29 February 2016

Mobile telephony circa 1990

Many people refer to older cellphones as 'brick phones' due to the size of such phones.  However, there was a time - in the late 1980s up to about 1990 - when bricks were diminutive in size compared to mobile phones.  Those mobile phones were often installed in cars (and therefore were often referred to as car phones). However, many were not permanently affixed to the car and could be carried to wherever they were needed.  The lead acid batteries used by those phones were just one of the factors that impacted on their weight.  I knew someone who, due to the nature of his work, always carried his phone with him; to be more precise, he hired someone to carry his phone.

One of the phones dating from this era was the Siemens C30 Flexiphone (circa 1991).

The picture above shows the phone as well as a SIM (subscriber identity module) card to be used with it.  Note the telephone number embossed on the card, starting with a 081; the cellular networks that appeared a few years later initially used 082 (Vodacom) and 083 (MTN).  Other operators that arrived somewhat later on the scene continued this trend.  However, cellular operators soon needed larger number spaces for their numbers and were assigned other prefixes.  Number portability also meant that the prefix was no longer a reliable indicator of the operator associated with the number.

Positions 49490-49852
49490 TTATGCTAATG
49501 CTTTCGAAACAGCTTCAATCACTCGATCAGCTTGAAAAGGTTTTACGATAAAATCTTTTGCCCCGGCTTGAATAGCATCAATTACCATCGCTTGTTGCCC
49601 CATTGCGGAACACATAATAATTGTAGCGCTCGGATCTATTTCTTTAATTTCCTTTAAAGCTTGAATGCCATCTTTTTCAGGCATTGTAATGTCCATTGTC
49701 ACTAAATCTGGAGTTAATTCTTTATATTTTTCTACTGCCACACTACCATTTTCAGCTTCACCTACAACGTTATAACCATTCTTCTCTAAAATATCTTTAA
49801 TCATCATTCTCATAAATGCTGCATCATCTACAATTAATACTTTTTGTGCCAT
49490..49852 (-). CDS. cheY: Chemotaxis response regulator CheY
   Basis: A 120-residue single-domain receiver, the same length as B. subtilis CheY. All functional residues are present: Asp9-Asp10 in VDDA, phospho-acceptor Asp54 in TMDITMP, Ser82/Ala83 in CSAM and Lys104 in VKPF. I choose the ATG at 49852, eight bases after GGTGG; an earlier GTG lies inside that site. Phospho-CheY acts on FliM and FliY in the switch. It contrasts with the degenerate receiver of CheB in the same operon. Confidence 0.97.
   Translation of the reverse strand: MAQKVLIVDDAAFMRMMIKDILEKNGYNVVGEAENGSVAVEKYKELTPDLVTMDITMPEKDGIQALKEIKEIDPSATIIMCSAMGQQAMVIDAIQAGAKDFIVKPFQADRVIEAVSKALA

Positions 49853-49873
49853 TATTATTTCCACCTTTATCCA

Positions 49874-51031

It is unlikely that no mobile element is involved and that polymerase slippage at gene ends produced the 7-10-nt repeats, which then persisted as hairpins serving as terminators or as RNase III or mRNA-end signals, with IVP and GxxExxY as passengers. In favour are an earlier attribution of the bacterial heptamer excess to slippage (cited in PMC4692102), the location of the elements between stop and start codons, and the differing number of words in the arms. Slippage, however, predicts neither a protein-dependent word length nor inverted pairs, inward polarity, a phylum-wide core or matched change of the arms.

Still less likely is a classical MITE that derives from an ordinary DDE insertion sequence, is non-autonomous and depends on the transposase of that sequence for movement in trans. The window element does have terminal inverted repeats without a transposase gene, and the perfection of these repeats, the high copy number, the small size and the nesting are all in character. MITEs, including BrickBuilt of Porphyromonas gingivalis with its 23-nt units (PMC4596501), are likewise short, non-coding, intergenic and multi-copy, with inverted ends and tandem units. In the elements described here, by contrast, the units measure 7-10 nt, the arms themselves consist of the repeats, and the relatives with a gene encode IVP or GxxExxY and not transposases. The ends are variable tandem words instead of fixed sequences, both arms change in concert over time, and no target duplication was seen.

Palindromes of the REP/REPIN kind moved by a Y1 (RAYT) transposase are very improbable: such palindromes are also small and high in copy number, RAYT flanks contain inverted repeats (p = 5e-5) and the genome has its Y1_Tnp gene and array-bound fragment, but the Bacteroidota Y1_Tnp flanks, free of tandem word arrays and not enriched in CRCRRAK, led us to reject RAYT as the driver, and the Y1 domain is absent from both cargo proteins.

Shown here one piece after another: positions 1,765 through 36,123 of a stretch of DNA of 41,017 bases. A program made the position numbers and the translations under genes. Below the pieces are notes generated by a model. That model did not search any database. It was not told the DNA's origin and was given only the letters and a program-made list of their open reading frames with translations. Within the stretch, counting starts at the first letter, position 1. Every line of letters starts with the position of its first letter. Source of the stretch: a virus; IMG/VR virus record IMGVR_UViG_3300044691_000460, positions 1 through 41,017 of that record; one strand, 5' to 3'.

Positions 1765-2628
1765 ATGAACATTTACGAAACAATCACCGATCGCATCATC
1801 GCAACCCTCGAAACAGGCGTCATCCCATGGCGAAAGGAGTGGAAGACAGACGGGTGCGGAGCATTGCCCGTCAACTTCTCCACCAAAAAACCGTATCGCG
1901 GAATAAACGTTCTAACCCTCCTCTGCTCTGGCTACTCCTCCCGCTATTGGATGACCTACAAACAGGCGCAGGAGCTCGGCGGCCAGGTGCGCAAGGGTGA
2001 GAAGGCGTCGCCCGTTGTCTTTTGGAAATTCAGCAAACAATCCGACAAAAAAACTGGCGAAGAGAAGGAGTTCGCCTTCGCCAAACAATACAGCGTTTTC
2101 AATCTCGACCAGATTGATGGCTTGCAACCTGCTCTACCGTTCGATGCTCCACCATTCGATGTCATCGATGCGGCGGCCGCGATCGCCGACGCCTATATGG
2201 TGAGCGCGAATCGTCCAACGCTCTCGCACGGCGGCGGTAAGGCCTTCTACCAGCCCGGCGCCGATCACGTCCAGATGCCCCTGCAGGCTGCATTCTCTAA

The SIM card shown in the picture above was the 'standard' or 'normal' size for SIM cards - the same size as, say, a credit card.  However, even in these early cards the electronics were all located underneath the contact points visible on the surface of the card.  Over the years smaller and smaller parts of the SIM card were used by cutting away more and more of the redundant plastic.  This lead to the introduction of mini, micro and nano SIM cards, that only differ in the amount of plastic left around the electronics.  (However, the electronics evolved independently from the decrease in size of the surrounding plastic by, for example, incorporating more memory as time progressed.)  People who have never known 'full size' SIM cards often incorrectly refer to mini-SIM cards as full size cards; however, as demonstrated in the picture below, the 'real full size' cards were indeed once upon a time inserted as is in mobile phones.

The logic of using such relatively large SIM cards clearly did not stem from the size of the electronics - which for decades were housed under contacts with a standard size.  The relatively large size stemmed from the way subscribers were expected to use mobile phones.

The astronomical cost of mobile phones meant that few members of the public would be able to afford a phone.  And very few of those who could afford a mobile phone were going to lug it around with them.  The much more plausible scenario was that mobile phones could be installed in taxis and at other convenient places.  The subscriber then only had to carry a SIM card along and insert it in the phone in the taxi (or elsewhere).  The fact that the subscriber could then make calls would have been convenient.  However, the fact that it would be possible to phone the subscriber at his or her personal number at the phone containing the SIM made this a must-have tool for busy executives.  A credit card sized SIM was the obvious choice for SIM cards to be used in this manner.

The Siemens C30 Flexiphone depicted here offered the business executive additional functionality.  With an adapter it could be connected to a fax machine, telephone answering machine and even a mobile computer - all in the convenience of one's own car...

Phone kindly provided by Peter Fryer of Risk Diversion (Pty) Ltd